The Research Approach identifies the study characteristics and criteria that the Evidence-based Practice Center will use to search for publications and to determine whether identified studies should be included or excluded from the Evidence Review. Criteria are overarching as well as specific to each of the Key Questions.
|Population*||Adolescents or adults involved with or making decisions about feeding their child.||
|Interventions||Interventions designed to support breastfeeding and the consumption of breastmilk, including individual or group counseling, peer counseling, home visits, structured education, technology- or computer-based support, distribution of written materials, and support provided prenatally, at time of delivery, or postpartum.||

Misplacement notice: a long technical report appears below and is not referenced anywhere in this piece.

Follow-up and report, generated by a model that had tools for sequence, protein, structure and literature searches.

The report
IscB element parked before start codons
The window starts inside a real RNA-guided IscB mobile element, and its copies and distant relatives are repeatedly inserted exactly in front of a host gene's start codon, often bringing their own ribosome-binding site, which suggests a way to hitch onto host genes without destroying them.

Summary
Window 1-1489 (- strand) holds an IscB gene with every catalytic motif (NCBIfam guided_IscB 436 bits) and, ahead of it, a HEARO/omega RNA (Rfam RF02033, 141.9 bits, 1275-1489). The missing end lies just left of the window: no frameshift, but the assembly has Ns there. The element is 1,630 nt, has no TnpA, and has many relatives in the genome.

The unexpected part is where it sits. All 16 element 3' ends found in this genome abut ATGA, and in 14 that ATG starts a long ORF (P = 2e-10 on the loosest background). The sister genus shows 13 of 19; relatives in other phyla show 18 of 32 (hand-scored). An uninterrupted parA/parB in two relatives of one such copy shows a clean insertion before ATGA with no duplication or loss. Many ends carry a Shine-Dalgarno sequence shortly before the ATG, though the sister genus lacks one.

||Active breastfeeding support intervention.|
KQ 2: Breastfeeding initiation, duration, intensity,† or exclusivity, as defined within each study.KQ 3: Harms associated with breastfeeding intervention (e.g., guilt or anxiety related to infant feeding, severity of postpartum depression, increased incidence of maternal mastitis or nipple pain, newborn hyperbilirubinemia, newborn dehydration, or infant failure to thrive).
|Setting||Any setting linked with the healthcare system and provision of primary care (e.g., hospital, maternity services, home, or clinic).||
|Study design||Randomized, controlled trials.§||Nonrandomized studies of interventions.|